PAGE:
Employee Relations & Management Issues

As credit related losses ripple through the financial and construction sectors, many organizations will be forced to consider job cuts. Selecting employees for lay off must be collaboration between managers and human resources. HR must be able to influence the process to reduce legal risks and assuage the anxiety of remaining employees:

1)     Establishing Business

The average corporate health benefit expenditure in 2008 will be $9,312 per employee—an increase of 7 percent over 2007—with annual per-employee contributions exceeding $2,000, according to Towers Perrin’s 2008 Health Care Cost Survey. Some highlights of the survey are as follows:

  • Employers are expecting to subsidize 78 percent of next year’s premium costs, and employees

Rush on Business has a good post on "Copy Another Company’s Handbook at Your Peril" that summarizes several postings on the downside of adopting employment policies when you don’t fully appreciate their applicability to your business. We all like to save time and money by not reinventing the wheel; however, the risks of these shortcuts are amply

The so called safe harbor from prosecution/sanction for immigration law violations arising from an employer’s handling of No-Match letter places a heightened burden on employers and may only exacerbate an already growing worker shortage. It is a poor effort to solve the problems created by a lack of consensus on a national immigration policy. It has collateral

The Department of Homeland Security (DHS) issued new regulations that create a "safe-harbor" for employers who either receive a (i) no-match letter from the Social Security Administration or (ii) written notice from DHS questioning an I-9 Form. Employers who follow the protocol and timeline set forth in the regulations will not be charged with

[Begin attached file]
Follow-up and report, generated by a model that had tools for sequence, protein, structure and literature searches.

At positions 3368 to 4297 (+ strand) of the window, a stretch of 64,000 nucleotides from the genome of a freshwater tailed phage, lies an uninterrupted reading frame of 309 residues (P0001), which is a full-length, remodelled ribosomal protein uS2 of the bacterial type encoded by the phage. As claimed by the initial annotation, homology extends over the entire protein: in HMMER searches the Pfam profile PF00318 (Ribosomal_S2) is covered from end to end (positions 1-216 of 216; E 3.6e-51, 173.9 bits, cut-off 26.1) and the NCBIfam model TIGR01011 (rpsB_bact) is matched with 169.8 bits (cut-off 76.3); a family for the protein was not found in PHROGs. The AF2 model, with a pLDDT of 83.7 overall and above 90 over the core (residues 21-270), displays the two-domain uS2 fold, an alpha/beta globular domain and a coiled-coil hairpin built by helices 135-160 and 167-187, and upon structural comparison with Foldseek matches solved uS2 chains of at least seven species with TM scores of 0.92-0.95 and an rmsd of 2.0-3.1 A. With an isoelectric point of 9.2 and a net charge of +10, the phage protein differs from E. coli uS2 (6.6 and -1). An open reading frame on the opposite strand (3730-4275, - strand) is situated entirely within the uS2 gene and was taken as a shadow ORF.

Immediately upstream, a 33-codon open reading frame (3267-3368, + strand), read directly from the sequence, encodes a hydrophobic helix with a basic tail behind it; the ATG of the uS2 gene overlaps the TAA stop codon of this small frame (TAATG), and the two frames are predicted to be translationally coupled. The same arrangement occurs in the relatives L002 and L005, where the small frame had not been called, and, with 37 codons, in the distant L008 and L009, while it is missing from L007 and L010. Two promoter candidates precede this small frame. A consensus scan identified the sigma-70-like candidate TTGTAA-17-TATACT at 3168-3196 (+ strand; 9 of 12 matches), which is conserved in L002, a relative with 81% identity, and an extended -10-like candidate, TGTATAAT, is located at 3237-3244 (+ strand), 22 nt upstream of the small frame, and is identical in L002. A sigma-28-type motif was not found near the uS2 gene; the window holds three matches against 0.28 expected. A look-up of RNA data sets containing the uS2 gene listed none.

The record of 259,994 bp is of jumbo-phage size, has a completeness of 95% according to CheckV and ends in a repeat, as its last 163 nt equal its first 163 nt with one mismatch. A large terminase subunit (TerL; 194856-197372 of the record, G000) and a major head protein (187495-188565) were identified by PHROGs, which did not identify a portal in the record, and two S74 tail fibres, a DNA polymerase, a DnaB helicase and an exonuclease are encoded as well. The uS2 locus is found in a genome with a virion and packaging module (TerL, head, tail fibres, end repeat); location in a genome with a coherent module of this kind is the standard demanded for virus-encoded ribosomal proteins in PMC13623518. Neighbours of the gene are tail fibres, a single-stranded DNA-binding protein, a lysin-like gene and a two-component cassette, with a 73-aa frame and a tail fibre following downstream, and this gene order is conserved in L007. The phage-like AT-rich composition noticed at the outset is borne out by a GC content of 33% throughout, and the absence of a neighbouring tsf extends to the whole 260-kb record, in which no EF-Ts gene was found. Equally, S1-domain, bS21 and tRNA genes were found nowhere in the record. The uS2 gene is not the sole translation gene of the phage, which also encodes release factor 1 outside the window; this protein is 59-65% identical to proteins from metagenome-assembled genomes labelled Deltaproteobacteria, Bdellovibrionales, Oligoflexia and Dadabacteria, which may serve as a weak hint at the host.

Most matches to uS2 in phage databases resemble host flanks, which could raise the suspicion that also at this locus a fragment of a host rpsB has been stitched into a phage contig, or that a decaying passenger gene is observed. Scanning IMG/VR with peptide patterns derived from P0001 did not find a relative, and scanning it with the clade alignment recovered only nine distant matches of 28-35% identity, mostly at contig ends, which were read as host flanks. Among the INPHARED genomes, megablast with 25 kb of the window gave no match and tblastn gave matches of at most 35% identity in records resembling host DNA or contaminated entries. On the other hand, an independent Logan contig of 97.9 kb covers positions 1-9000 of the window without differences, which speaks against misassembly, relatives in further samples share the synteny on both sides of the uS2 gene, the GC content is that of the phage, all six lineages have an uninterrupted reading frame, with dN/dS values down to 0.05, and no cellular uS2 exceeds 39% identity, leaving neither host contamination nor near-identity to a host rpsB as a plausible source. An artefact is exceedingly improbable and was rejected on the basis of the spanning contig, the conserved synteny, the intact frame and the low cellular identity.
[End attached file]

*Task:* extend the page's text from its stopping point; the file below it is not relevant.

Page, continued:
There is an interesting post by Kate Lorenz at careerbuilder.com asking the question "Is Workplace Romance Really Taboo?" Ms. Lorenz observes that "society no longer frowns upon romance that blooms between co-workers." The ups and downs of office romance are even recounted in articles on Monster.com.

There is evidence that the taboos are truly gone. According to a 2007 Vault Survey, sixteen percent of employees confess to getting caught canoodling at the office. Office romance is embraced by all three branches of government (executive, legislative, and judicial). In fact the D.C. Court of Appeals in Guardsmark v. NLRB overruled an employer’s no fraternization rule because it violated the rights of employees to engage in concerted activities. News outlets publish "How to Strategies". The Workplace Fairness Blog has some provocative comments in a post called "Love and Marriage at Work (and a Little Sex Too)"

While taboos may have eased, legal problems persist.   David Javitch notes in his post on "Dealing with an Office Romance", there may be even bigger workplace risks for morale problems created by perceived favoritism and the looming sexual harassment claim. Courts have found employer’s liable for the sexual favoritism created by a supervisor’s romantic involvement with subordinates. Sexual harassment claims remain high with the EEOC reporting over 12,000 claims filed in 2006 resulting in EEOC settlements totaling almost $50 million. Million Dollar verdicts are common.

Continue Reading Fishing off the Company Dock: A Legal Perspective